Dina’s Diner 1/9/23

| Jan 9, 2023
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The Huffington Post had an interesting article in their Queer Voices section. When My Chinese Trans Identity Gets Lost in Translation appeared on the site December 23, 2022. It was written by Fei Lu, an accomplished and prolific writer on a number of topics including trans issues. Her personal page is here.

Fei Lu’s Twitter avatar.

Fei Lu sets the impetus for her article this way: “Four years ago, I wrote an article about my coming-out experience with my mother. I discussed how I navigated my transgender and Chinese identity when talking with her. During the drafting process, the editor I was working with suggested that I gave my mother too much “leniency” when it came to my family acknowledging my new gender identity. I went along with it, but looking back, I realize that the article had one too many influences from American notions of transgender discourse than I would have liked.”

She points out that in Chinese culture “sons carry the responsibility of continuing the family lineage. This patriarchal idea of family preservation is directly tied to the philosophy of Confucianism, one of the most influential Chinese schools of thought.” Fei Lu’s mother did accept her trans identity after what Fei realizes was probably some initial regret or confusion that she perhaps still harbors. “But three years later, in 2022, calling me her daughter in Chinese and using she/her pronouns in English comes naturally to her. Even today, though, I don’t care how she genders me as long as it implies that I’m her child.”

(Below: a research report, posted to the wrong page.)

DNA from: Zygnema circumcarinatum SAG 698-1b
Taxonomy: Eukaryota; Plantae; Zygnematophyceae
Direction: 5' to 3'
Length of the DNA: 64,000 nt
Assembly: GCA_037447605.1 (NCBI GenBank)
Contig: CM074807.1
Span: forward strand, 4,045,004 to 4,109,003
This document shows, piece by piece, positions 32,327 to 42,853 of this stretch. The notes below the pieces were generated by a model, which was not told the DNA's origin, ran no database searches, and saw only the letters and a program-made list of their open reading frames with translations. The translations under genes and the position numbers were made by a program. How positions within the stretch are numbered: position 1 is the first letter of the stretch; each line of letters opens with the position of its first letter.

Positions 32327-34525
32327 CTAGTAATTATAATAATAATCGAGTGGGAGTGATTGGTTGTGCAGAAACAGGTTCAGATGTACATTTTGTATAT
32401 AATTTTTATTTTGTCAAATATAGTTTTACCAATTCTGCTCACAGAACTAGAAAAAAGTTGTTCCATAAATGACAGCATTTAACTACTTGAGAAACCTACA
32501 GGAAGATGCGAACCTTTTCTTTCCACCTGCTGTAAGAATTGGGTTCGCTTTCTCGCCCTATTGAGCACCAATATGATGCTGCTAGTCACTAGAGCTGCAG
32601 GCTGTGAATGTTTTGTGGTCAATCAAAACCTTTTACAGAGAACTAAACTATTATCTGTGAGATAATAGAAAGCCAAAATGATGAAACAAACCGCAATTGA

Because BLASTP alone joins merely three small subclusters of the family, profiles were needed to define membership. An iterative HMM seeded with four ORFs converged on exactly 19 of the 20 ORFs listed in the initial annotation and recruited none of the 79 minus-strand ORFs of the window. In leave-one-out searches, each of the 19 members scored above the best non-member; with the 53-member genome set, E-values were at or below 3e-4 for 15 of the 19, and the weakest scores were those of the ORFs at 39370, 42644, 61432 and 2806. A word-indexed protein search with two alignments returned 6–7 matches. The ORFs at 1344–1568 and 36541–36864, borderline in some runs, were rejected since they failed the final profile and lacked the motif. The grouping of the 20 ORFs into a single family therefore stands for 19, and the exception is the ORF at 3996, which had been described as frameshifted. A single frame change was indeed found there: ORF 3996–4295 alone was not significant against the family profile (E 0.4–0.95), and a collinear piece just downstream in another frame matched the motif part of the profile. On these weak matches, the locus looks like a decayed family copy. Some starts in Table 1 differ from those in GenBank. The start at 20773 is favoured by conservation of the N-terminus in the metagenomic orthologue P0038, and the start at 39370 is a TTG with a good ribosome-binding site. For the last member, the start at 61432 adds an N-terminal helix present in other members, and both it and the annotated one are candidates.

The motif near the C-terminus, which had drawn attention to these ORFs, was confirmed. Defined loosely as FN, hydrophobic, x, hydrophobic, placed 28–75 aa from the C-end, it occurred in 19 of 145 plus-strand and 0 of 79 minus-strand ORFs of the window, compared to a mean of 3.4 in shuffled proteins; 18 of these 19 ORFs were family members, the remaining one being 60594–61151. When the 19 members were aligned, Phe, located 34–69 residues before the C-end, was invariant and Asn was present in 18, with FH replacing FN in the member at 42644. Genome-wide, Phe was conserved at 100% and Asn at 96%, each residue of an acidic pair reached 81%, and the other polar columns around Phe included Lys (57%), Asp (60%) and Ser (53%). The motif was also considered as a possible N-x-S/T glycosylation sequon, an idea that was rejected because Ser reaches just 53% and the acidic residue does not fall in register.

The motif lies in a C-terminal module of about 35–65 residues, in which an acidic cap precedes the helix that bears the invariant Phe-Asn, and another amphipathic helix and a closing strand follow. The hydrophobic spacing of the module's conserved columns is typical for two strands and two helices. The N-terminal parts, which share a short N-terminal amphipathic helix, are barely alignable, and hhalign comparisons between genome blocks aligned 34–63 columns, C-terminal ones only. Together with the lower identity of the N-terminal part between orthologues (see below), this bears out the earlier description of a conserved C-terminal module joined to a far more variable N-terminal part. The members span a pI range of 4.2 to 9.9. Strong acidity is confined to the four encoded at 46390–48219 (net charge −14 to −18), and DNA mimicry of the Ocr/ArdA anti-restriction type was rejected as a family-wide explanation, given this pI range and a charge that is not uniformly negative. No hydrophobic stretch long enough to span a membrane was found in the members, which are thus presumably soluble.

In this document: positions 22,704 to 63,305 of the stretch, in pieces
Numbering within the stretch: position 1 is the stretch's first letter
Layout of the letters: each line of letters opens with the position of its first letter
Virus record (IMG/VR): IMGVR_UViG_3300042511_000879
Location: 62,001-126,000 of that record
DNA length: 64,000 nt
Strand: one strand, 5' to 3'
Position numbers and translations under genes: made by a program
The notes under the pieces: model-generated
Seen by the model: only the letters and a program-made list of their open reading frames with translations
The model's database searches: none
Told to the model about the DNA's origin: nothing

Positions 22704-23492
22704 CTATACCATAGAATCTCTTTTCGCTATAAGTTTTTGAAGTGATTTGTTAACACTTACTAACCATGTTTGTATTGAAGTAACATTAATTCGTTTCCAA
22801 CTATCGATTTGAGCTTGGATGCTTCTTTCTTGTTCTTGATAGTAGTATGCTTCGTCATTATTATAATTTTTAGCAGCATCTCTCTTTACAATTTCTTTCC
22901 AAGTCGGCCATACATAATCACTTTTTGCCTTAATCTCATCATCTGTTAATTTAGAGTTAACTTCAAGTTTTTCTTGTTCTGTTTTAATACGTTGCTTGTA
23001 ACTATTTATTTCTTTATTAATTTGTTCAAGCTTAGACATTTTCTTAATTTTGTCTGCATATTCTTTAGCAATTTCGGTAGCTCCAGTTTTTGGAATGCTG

What Fei Lu refers to as American or Western sensibilities do not match up evenly with Chinese cultural traditions or even language. It hasn’t stopped some non-Chinese trans and people of color to advise her how she should interact with her mother or culture to conform to their concepts. It sounds maddening and the even tone of Fei Lu’s essay shows remarkable restraint in not firing back more vehemently.

She writes this in a measured voice: “Yet another example is when I talk to white trans people about the concept of “passing” and how I feel more comfortable passing than being visibly transgender, they’re quick to label me as self-hating. What these individuals refuse to acknowledge, though, is that it’s hard enough being Asian in white professional and social spaces already; I don’t need my marginalized gender identity to be another obstacle to my moving through life as easily as possible.”

As I read the HuffPost piece, it occurred to me that issues like family relationships and cultural interactions happen along a spectrum just as we think of gender itself. On either end are the extremes – total acceptance or total denial. In the middle are various measures of one or the other with allowances by each party depending on very individual and personal attitudes. Just think of your own relationships with family, friends, neighbors, etc. We can’t squeeze every interpersonal relationship into a neat box with no messy rips or bulges. Other trans activists should know – perhaps better than others – how difficult it is to walk in the shoes of another and reconsider their criticisms.


The New York Times had an article about fashion and cosmetic maven Trinny Woodall in the December 21, 2022 Style section. Trinny Woodall was one of the British hosts of the What Not To Wear television show in the UK and has launched a cosmetics line. The article was headlined What Not To Wear On Your Face.